If we could dip any type of carb in huancaina sauce, we would tell you to hand over loaves of bolillos, baguettes, all of the carbs. What Suviche is doing at its various posts across South Florida neighborhoods is playfully mixing Peruvian staples with Japanese cuisine—with lots of the yellow spicy sauce. One of the restaurant’s signature dishes is lomo saltado stuffed into wonton bits that you can dunk again and again in huancaina sauce.

6. Japanese/Brazilian/Peruvian – SushiSamba

We did not think you could fuse this trifecta of cuisine traditions—but here we are and we are feeling blessed by it. ????

SushiSamba has outposts in Las Vegas, Miami, London and Amsterdam “celebrating the culture and cuisine” of these three countries, according to the restaurant’s Instagram account. Guests in London can try robata octopus with aji panca, while in Amsterdam, one menu item is the short rib croquetts made with Peruvian purple potato. *Checks cheapest flights to Europe.*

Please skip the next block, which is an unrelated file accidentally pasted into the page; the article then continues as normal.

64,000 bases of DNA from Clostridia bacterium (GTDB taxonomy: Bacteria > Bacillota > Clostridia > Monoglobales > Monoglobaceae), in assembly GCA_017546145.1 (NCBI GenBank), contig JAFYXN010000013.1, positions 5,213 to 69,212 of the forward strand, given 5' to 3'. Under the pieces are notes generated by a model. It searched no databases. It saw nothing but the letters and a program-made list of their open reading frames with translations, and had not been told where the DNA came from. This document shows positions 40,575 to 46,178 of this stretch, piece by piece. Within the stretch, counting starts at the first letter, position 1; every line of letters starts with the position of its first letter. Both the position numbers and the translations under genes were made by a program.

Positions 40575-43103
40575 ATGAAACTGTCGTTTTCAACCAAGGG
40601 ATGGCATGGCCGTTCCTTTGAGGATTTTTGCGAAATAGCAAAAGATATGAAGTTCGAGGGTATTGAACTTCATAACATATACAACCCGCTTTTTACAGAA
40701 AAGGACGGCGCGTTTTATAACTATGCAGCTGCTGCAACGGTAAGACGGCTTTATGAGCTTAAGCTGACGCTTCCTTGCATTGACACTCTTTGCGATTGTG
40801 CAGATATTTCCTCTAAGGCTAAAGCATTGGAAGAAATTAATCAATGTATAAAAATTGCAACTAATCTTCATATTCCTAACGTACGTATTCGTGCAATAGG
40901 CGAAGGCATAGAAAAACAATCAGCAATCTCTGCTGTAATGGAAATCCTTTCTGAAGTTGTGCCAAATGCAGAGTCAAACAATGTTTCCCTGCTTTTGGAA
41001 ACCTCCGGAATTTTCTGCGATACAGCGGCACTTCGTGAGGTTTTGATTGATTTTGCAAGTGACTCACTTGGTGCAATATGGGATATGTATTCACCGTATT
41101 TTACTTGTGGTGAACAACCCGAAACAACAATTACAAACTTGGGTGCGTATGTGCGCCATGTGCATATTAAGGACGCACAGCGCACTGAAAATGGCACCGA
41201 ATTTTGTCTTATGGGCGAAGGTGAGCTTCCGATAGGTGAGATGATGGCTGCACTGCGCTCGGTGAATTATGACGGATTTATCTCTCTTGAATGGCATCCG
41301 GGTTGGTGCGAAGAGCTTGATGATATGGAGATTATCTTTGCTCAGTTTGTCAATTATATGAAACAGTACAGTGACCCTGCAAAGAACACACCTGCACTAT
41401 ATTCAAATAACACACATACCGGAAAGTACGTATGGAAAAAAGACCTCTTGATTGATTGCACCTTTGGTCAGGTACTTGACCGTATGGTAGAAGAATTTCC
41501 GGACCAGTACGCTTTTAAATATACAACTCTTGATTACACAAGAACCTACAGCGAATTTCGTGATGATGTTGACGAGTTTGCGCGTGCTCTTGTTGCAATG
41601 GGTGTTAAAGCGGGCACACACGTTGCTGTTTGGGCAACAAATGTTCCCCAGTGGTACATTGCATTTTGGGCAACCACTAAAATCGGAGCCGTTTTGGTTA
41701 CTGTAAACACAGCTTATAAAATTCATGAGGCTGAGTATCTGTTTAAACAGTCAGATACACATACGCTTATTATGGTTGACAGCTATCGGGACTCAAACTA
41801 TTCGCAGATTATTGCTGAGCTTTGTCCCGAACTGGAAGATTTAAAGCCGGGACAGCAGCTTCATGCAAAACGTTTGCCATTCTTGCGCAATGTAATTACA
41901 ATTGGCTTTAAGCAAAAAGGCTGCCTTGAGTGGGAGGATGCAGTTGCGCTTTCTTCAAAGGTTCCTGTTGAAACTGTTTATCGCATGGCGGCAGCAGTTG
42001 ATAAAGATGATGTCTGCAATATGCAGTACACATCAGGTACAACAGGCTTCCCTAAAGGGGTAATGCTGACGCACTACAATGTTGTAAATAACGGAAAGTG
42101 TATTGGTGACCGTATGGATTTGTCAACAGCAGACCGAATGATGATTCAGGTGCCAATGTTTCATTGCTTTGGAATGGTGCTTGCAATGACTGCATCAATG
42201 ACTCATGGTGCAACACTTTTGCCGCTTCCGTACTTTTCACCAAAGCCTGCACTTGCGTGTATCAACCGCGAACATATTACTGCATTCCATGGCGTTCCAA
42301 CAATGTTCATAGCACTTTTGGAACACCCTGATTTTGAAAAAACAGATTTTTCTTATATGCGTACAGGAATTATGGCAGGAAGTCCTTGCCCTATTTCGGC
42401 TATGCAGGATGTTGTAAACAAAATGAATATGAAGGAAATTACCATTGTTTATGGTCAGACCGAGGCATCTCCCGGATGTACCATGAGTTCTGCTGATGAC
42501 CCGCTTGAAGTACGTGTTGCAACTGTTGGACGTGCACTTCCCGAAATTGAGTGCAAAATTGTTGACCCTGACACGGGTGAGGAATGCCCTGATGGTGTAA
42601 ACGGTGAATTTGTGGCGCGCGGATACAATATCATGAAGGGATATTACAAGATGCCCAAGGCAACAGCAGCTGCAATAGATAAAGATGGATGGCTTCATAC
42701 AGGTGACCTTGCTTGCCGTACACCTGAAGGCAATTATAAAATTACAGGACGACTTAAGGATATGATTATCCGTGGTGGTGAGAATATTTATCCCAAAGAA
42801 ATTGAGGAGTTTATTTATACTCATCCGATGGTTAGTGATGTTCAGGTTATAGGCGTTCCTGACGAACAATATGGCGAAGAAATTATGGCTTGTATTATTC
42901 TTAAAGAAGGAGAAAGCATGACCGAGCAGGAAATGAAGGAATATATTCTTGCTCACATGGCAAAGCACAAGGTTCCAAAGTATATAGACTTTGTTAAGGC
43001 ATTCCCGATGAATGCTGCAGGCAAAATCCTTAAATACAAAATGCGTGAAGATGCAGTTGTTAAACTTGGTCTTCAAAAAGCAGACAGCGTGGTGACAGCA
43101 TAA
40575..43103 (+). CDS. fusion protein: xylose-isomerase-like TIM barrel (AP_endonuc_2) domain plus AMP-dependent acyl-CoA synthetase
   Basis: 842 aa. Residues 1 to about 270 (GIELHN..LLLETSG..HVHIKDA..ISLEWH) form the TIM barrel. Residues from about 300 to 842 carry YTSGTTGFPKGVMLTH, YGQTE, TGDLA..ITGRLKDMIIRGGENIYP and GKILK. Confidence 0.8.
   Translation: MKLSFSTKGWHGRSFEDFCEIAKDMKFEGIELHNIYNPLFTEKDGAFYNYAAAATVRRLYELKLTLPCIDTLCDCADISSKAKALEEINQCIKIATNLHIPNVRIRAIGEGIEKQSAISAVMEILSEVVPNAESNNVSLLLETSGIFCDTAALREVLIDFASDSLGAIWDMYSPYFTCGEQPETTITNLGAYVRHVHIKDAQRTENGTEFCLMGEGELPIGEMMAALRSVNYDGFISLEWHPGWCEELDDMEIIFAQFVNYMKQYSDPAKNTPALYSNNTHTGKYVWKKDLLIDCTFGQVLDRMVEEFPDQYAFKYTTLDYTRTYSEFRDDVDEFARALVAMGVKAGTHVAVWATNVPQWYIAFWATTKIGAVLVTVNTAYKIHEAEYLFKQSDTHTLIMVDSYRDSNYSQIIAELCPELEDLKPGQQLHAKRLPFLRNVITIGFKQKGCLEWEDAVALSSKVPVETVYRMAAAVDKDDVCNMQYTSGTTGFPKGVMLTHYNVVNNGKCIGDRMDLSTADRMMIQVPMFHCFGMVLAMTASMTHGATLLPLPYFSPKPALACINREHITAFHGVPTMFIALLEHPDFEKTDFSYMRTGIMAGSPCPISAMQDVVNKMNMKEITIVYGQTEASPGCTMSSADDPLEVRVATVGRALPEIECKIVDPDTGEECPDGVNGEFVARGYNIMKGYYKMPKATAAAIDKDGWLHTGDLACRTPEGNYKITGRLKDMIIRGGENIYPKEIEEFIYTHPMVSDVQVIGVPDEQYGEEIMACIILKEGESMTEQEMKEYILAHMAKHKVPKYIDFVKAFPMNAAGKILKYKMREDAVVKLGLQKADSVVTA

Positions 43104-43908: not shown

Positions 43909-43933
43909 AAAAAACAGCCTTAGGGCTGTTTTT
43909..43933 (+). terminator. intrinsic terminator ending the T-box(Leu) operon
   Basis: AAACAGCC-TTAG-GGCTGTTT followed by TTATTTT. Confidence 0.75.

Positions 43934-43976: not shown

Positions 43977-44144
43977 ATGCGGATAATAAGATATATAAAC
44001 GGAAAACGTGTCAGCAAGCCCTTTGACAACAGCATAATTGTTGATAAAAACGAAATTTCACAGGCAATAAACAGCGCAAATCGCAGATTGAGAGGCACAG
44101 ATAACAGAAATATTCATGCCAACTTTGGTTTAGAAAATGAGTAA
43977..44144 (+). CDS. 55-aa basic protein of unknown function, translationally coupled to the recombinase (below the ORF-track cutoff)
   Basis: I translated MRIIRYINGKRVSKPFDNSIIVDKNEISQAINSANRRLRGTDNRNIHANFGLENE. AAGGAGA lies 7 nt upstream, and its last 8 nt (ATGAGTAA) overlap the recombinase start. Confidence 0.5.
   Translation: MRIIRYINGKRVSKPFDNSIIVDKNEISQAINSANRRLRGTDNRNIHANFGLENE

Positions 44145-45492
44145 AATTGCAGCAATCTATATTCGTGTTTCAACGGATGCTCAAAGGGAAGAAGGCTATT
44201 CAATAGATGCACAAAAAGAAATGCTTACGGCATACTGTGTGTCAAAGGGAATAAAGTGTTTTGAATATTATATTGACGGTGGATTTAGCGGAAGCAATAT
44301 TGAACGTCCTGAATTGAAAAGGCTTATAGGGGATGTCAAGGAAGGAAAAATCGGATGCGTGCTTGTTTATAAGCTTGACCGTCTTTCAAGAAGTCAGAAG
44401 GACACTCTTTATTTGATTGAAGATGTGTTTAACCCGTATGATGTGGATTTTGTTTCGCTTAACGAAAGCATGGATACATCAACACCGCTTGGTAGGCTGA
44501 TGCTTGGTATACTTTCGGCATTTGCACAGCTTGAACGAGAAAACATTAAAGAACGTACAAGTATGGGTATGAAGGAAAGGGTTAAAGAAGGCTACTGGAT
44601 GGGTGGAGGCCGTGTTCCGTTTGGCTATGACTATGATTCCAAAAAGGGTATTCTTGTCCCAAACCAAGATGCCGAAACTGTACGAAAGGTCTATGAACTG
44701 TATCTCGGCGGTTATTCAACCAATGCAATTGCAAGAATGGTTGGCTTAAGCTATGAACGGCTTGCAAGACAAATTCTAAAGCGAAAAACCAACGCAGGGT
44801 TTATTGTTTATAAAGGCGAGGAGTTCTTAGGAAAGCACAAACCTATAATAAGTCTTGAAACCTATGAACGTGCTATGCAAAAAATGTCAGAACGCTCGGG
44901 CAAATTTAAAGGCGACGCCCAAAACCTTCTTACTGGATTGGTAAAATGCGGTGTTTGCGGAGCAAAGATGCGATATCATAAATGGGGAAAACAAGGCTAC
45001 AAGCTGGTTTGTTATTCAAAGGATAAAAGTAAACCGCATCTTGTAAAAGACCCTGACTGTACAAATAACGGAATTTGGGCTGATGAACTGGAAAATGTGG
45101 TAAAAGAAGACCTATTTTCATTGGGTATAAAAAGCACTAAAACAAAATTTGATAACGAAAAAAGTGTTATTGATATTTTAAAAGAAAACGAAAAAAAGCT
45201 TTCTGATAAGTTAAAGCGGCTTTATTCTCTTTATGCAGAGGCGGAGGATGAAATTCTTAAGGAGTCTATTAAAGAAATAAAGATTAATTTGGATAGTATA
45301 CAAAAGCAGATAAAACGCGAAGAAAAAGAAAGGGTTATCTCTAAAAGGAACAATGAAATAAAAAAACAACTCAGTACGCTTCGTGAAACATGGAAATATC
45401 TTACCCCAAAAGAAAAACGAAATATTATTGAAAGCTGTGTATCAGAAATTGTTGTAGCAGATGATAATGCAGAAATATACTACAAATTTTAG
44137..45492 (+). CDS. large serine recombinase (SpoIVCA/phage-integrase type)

7. Chilean/German – Fuente Alemana Alameda

Santiago’s Fuente Alemana Alameda restaurant showcases Chile’s take on burgers. The sandwiches are stacked high with juicy cuts of meat and melted cheese. Wash it all down with a schop (draft beer) and eat like a true local.

8. Ecuadorian/Multiple Cuisines – Fried Bananas Restaurant

First Ecuadorian meal! #quito

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Located in Ecuador’s capital city of Quito, Fried Bananas gives a quaint take on Ecuadorian food. Guests can munch on popcorn baskets while waiting for their main entrees to come out, ranging from Ecuadorian spaghetti, mozzarella with honey dish, to tofu ceviche and more.

9. Uruguayan/Armenian – Erevan

READ: Here Are 11 Vegan Versions Of Staple Latino Foods That Will Make You Consider Going Vegan

What are some of your favorite South American fusion dishes? Share this with your friends and tell us in the comments below!

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Micro TDH And Myke Towers’ “El Tren” Collab Is Bound To Be A Runaway Hit

Latidomusic

Micro TDH And Myke Towers’ “El Tren” Collab Is Bound To Be A Runaway Hit